Where else but on NASCAR’s pit road can you find a retired pro wrestler known as the “The Minister of Pain” working alongside hockey players, former NFL starters and enough college football and baseball talent to field respectable NCAA Division I teams.
This is the new look of NASCAR’s next-generation pit crews, where fitness is first and mechanics can be taught.
NASCAR’s version of the ultimate “All-America” team will be in the spotlight with Thursday’s Sprint Pit Crew Challenge, and the sport will recognize those former football players who are pumping the jacks, ex-hockey players gunning the air wrenches and wrestlers finessing a tire change.
It’s a far cry from our father’s NASCAR, when the over-the-wall crew smoked cigarettes on pit road and repaired radiators and turned wrenches to prepare for races instead of running wind sprints and lifting weights at state-of-the-art fitness rooms built into race shops.
“What is going to produce better performance over the wall is a whole lot of athletic ability and a little mechanical ability, not the other way around,’’ said Andy Papathanassiou, who heads Hendricks Motorsports crew development department and is a trailblazer in revolutionizing the way NASCAR assembles its pit crews.
Papathanassiou, a former football player at Stanford, oversees what’s essentially a recruiting division for over-the-wall crew members. He’s hired former NFL strength-and-conditioning coaches to serve as scouts. They visit college teams seeking out athletes who may not get drafted into NFL or Major League Baseball rosters, but who can still make it in NASCAR’s big leagues.
There’s even a combine to further evaluate their potential before bringing them to Charlotte for a mini-camp and tryout at the Hendrick shop before an assignment in the “minors.”
“We’re doing things they are already comfortable with and good at,’’ Papathanassiou said. “We take that energy then start to teach them what they need to do over the wall.
“Motorsports is still dominated by a mechanical mindset in that we’ll search all over the world to find that one engine part to make the car faster. So why wouldn’t we fly to California or to a college in the Midwest to find that one kid that could end up being a star tire changer for us.’’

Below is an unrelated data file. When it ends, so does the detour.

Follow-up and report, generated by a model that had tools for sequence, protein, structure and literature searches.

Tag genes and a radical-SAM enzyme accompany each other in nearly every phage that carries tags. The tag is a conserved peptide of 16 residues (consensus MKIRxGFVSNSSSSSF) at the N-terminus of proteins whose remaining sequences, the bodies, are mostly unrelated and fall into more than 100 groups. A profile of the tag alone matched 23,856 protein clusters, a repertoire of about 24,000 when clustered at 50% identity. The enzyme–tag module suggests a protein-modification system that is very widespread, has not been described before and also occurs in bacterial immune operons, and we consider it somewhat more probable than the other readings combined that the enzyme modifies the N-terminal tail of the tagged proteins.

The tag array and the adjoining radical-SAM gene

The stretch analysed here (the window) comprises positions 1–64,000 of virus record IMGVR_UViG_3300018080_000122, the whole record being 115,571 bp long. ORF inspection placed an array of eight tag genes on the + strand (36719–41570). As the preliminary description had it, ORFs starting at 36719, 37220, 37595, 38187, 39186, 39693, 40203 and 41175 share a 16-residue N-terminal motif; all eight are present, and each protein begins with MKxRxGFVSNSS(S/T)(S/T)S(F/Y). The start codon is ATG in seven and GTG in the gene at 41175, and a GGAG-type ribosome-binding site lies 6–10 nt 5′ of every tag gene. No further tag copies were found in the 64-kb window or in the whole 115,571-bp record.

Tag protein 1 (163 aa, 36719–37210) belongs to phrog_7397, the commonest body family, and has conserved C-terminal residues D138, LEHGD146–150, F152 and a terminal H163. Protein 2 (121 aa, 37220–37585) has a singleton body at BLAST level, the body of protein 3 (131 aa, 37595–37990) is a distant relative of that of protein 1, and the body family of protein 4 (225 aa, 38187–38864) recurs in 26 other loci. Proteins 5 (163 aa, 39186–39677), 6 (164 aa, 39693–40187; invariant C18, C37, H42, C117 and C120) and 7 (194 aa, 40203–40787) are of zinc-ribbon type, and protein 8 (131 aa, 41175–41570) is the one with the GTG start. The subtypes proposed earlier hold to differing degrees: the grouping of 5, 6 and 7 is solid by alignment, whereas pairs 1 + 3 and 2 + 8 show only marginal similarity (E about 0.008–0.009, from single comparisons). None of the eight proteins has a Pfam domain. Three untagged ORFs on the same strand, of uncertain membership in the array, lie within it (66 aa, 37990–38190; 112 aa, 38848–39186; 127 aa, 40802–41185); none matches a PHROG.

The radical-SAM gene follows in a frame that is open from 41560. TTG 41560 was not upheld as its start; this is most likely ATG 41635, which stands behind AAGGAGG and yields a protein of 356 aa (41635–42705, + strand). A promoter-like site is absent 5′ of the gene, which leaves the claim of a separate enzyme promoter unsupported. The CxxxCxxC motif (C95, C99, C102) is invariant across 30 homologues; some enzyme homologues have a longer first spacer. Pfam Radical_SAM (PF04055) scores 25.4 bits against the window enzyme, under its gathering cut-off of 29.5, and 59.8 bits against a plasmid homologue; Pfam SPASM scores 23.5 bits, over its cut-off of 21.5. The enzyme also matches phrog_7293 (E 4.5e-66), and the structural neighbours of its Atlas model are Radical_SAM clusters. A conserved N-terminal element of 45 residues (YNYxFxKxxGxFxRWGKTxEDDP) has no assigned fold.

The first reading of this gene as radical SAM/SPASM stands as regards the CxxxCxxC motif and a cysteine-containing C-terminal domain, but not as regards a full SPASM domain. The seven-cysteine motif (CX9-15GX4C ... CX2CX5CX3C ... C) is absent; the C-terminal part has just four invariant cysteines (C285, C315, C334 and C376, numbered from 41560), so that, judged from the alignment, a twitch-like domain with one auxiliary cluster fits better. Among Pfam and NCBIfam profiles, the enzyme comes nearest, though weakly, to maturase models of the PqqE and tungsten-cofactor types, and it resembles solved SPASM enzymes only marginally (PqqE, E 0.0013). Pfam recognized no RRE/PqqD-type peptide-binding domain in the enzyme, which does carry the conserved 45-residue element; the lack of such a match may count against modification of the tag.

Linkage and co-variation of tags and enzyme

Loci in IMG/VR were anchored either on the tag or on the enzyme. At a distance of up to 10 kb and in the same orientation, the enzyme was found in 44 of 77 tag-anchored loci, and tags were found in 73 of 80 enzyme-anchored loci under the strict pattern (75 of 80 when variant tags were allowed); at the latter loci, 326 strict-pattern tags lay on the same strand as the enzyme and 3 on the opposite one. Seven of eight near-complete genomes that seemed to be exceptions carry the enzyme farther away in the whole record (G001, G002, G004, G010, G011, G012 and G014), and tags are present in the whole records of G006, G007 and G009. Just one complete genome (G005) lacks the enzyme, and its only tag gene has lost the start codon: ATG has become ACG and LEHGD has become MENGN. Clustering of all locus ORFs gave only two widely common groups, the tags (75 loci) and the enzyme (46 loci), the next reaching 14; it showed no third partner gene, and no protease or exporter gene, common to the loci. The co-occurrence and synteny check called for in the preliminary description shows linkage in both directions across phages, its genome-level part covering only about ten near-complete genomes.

Veteran Mark Martin has seen a complete transformation in the thinking during his 27-year career at the Cup level. What used to be 20-second pit stops by mechanics who occasionally practiced live pit stops are now 12-second flashes of mechanical choreography performed by elite athletes.
“It is more critical than ever because the cars are closer to the same speed,’’ said Martin, who drives the No. 5 GoDaddy.com Chevy for Hendricks Motorsports. “It’s harder to pass than ever before. So the pit stops have become one of the more critical aspects of what we do.’’
Prior to the highly specialized system of recruitment and development, crew members were more likely hired because they knew a friend-of-a-friend-of-a-cousin who tinkered with hot rods and dug watching NASCAR.
Eventually, teams realized that it was easier to teach tech to athletes than train techs to be athletic, and the trend really caught on in the mid-1990s when Jeff Gordon’s athletically endowed Rainbow Warriors began showing what a difference a sports background could make. Papathanassiou was the architect of that group.
“I had moved to Charlotte to look for a job (in NASCAR) and asked if I could work out with the pit crew while I was looking,’’ Papathanassiou recalled. “I was told, ‘They don’t practice or work out.’ And I thought, ‘Wow!’ So I suggested, ‘Heck, let me start some practices for you.’ "
Today, Papathanassiou’s program leads the industry.
And one of his earliest crew converts is also one of the most interesting stories on pit road.
Hendrick Motorsports tire carrier, 6-foot-1, 288-pound “Tiny” Mike Houston, who for years worked part time in the race shop during the week, wrestled professionally on Friday and Saturday nights then flew out every Sunday morning to crew a Sprint Cup race.